Bush’s Diplomacy

Published November 18, 2005, issue of November 18, 2005.
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As President Bush set off this week for an eight-day visit to Asia, his aides were trying to portray the trip as a low-stakes jaunt to show the flag in an important region. Bush was to attend a Pacific Rim summit in Korea, talk business with China, and shore up some friendly relationships in Japan and Mongolia. There wasn’t much that could go wrong, officials reassured reporters traveling on Air Force One. In the words of National Security Adviser Stephen Hadley, quoted in The Washington Post, “This is not a trip where the president has to come with a deliverable initiative.”

The aides didn’t say it out loud, but the inescapable comparison was with Bush’s embarrassing Argentina trip earlier this month. The president had gone there to attend a Western Hemisphere summit, show off his Spanish and wrap up a hemispheric free-trade pact, an administration priority. Instead he found himself humiliated, upstaged by the populist antics of Venezuela’s left-wing president, Hugo Chavez, and ended up fleeing the summit in the middle. As for his free-trade pact, it was turned down flat.

Such humiliations seem to be a growing trend for this administration. Just this past weekend, a prized Middle East democracy initiative appeared to melt down when Egypt stalked out of a 30-nation summit in Bahrain, scuttling a White House plan for opening up dialogue and encouraging pluralism in the region. British Foreign Secretary Jack Straw, speaking after the summit, tried to sound optimistic about the initiative, but warned that it would have to be reframed carefully to have a chance of success. “It would be a disaster if this region thought democracy was an American idea,” Straw said, according to Britain’s Guardian newspaper.

Straw’s fear is telling. Under Bush’s stewardship, America’s standing in world esteem has sunk so low, it seems, that even good ideas risk becoming radioactive simply because they’re seen as coming out of Washington. The causes of the malaise aren’t hard to identify: the administration’s disastrous mishandling of the Iraq War; its high-handed treatment of the global warming crisis; the obtuse White House response to charges of prisoner abuse at Abu Ghraib, Guantanamo and elsewhere. All these, coupled with the president’s falling stock at home, have left him all but bereft of diplomatic credibility and maneuvering room on the world stage.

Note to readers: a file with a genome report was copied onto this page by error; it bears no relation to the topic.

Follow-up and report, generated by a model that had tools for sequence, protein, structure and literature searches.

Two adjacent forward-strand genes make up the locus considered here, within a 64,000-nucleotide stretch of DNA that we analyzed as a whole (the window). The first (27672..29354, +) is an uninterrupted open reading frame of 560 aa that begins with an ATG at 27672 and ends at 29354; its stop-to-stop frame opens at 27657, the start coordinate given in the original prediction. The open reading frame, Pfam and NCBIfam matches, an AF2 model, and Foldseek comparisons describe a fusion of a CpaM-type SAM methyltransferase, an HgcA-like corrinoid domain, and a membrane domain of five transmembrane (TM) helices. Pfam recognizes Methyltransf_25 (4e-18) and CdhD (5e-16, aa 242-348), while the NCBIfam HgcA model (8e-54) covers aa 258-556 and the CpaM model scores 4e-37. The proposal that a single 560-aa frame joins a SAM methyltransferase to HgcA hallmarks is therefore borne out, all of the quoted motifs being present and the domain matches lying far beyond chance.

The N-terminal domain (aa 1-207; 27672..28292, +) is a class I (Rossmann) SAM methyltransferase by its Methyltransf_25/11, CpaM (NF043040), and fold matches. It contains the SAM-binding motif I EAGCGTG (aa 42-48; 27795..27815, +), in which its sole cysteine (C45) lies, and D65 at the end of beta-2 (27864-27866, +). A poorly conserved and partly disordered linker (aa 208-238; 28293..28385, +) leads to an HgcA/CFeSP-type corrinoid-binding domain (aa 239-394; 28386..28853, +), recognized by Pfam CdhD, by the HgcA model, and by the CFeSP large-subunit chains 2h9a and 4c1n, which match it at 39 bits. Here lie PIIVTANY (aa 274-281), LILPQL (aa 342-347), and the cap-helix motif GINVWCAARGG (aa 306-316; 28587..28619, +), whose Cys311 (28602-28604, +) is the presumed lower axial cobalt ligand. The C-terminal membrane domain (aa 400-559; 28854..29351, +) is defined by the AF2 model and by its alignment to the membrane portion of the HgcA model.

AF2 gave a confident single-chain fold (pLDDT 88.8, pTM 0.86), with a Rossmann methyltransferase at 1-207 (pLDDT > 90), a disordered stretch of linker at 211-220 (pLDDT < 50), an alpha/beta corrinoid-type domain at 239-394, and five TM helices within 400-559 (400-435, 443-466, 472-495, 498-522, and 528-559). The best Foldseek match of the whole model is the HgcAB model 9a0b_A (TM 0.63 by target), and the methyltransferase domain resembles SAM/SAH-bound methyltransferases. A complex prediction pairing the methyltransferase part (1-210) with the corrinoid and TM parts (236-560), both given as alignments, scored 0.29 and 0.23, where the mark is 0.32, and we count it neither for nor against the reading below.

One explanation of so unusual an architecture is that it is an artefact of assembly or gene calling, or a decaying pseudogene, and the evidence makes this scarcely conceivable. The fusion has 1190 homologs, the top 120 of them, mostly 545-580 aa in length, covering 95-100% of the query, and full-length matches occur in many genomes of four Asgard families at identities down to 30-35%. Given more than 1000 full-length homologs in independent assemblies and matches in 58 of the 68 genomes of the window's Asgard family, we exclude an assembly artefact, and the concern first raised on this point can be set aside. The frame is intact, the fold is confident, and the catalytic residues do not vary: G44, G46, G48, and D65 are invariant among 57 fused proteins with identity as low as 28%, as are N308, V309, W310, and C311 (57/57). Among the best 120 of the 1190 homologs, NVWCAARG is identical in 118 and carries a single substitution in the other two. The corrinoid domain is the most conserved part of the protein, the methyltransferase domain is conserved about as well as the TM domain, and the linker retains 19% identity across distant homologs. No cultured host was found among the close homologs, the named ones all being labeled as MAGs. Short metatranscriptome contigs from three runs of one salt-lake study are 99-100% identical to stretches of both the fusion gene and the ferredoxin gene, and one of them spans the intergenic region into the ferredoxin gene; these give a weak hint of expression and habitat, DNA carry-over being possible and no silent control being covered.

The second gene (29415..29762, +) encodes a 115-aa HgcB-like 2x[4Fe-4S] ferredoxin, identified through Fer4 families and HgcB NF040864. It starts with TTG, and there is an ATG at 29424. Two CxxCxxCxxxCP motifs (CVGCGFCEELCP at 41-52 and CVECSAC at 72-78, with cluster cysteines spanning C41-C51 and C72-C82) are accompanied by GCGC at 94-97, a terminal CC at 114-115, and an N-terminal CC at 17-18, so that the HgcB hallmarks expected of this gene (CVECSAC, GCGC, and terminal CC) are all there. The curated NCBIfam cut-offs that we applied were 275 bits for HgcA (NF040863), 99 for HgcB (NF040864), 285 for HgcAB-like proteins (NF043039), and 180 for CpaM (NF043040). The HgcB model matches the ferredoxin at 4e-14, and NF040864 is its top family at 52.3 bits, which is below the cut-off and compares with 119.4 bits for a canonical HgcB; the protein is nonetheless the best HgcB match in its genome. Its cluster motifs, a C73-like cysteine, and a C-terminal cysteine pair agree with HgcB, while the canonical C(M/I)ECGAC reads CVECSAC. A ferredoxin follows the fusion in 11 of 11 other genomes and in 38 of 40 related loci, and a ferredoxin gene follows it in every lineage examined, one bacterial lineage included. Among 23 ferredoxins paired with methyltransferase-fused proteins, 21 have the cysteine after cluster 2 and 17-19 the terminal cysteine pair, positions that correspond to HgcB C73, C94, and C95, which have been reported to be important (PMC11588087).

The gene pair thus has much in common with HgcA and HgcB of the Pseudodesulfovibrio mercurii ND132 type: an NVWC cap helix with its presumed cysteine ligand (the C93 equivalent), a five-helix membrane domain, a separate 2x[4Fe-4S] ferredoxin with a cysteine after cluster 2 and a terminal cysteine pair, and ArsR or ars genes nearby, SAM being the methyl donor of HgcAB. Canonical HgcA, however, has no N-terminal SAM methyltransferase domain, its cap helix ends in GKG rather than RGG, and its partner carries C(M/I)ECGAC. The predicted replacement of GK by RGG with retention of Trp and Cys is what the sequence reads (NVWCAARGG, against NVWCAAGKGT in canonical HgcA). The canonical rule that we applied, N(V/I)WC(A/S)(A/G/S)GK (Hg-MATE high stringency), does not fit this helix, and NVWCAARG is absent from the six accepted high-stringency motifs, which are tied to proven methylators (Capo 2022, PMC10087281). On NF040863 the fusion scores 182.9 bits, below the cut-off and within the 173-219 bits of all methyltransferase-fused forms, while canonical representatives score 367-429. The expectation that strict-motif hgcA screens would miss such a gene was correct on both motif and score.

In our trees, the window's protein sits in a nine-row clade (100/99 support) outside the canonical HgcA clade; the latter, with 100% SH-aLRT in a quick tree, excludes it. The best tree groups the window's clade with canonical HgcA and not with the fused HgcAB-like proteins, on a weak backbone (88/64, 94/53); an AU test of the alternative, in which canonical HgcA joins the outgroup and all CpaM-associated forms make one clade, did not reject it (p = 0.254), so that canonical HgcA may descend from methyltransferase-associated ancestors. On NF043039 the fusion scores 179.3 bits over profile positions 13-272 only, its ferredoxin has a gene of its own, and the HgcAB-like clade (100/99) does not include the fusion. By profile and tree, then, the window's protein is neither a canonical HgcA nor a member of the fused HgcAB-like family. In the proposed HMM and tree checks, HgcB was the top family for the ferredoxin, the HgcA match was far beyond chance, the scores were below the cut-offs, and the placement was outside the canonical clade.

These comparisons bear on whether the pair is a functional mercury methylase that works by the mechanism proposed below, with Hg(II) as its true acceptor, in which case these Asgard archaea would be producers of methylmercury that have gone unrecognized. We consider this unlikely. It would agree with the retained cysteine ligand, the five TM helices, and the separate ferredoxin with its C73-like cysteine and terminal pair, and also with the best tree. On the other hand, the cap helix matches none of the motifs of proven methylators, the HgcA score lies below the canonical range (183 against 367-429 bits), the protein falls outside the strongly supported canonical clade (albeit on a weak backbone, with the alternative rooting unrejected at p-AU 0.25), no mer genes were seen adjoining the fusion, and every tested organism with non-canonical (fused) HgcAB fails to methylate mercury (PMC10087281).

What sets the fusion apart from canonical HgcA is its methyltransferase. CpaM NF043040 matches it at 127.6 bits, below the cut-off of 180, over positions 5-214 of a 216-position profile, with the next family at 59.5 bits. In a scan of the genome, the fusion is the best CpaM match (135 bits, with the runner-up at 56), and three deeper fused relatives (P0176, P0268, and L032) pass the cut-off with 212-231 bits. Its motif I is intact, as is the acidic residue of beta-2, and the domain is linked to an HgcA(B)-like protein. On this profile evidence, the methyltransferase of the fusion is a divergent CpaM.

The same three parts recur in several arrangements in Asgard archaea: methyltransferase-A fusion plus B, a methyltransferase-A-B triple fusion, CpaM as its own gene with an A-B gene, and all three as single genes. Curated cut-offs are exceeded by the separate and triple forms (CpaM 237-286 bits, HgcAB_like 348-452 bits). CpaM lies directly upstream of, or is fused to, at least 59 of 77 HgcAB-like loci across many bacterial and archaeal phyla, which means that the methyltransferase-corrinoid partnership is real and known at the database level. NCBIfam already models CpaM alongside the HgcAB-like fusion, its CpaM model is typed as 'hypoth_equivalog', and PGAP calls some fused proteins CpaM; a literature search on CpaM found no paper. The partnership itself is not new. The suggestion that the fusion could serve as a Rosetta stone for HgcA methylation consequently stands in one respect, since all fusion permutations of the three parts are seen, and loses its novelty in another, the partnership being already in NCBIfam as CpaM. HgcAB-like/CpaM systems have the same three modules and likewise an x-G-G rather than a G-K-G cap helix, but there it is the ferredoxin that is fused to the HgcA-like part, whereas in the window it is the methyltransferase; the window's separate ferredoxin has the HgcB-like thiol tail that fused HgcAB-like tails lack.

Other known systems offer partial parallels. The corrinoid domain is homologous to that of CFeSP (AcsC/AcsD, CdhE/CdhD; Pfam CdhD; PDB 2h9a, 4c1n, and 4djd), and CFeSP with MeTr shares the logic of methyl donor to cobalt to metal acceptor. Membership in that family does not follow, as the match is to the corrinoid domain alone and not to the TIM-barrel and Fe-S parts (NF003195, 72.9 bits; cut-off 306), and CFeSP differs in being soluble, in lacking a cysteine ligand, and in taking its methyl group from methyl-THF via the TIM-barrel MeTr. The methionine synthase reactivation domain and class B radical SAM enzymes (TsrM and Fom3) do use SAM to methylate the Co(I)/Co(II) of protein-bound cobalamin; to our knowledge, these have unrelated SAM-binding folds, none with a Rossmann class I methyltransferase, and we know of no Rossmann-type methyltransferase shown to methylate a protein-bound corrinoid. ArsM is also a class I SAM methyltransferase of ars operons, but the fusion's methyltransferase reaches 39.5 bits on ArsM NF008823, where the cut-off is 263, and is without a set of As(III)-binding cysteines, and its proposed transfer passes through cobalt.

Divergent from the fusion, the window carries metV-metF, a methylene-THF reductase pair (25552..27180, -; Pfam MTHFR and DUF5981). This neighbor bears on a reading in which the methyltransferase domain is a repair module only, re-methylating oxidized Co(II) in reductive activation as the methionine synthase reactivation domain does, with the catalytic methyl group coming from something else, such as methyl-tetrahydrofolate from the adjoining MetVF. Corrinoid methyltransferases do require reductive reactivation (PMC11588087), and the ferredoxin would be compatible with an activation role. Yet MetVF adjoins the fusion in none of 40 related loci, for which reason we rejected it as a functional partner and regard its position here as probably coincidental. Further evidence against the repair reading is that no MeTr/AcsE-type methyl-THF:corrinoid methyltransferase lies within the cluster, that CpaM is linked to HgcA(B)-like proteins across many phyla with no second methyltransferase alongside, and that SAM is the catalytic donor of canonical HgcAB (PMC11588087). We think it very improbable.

Bush’s credibility crisis comes at an acutely sensitive moment. Diplomatic efforts to stop Iran’s nuclear project are at a crossroads, and a steady hand is needed to keep America and its European allies on the same page. Much the same can be said of North Korea’s nuclear project. Even under ideal circumstances, when American prestige was at its height, we never could have hoped on our own to bring these two rogue states to heel. As things now stand, with our credibility in tatters, we desperately need international cooperation. And yet, precisely the very same bull-headedness that has landed us in our present state prevents us from climbing out.

The paralysis isn’t all-encompassing. Just this week, a determined, personal intervention by Secretary of State Condoleezza Rice succeeded in breaking a dangerous Israeli-Palestinian logjam on border crossings. The agreement, if it’s implemented, will permit the Palestinian Authority to bring its constituents some economic and humanitarian benefits from last summer’s Israeli disengagement; that could help boost the authority’s standing in the coming Palestinian legislative elections and reduce the chances of a Hamas electoral romp, which nobody wants.

Rice’s table-pounding diplomacy got the Palestinians to back away from some of their more absurd demands, giving the Israelis a deal that they could live with, even if it wasn’t everything they had hoped for. In the process, it proved once again that American engagement at the highest level, the sort that marked every administration before this one, is good for Israel and good for the region.

President Bush should think long and hard about the broader lessons of Rice’s Gaza intervention. Compromise is usually painful, but it’s nearly always better than deadlock. Listening to all sides is better than blustering and pontificating. America can be an enormous force for good when it acts pragmatically and constructively. On the other hand, butting heads gets you nothing but a headache.

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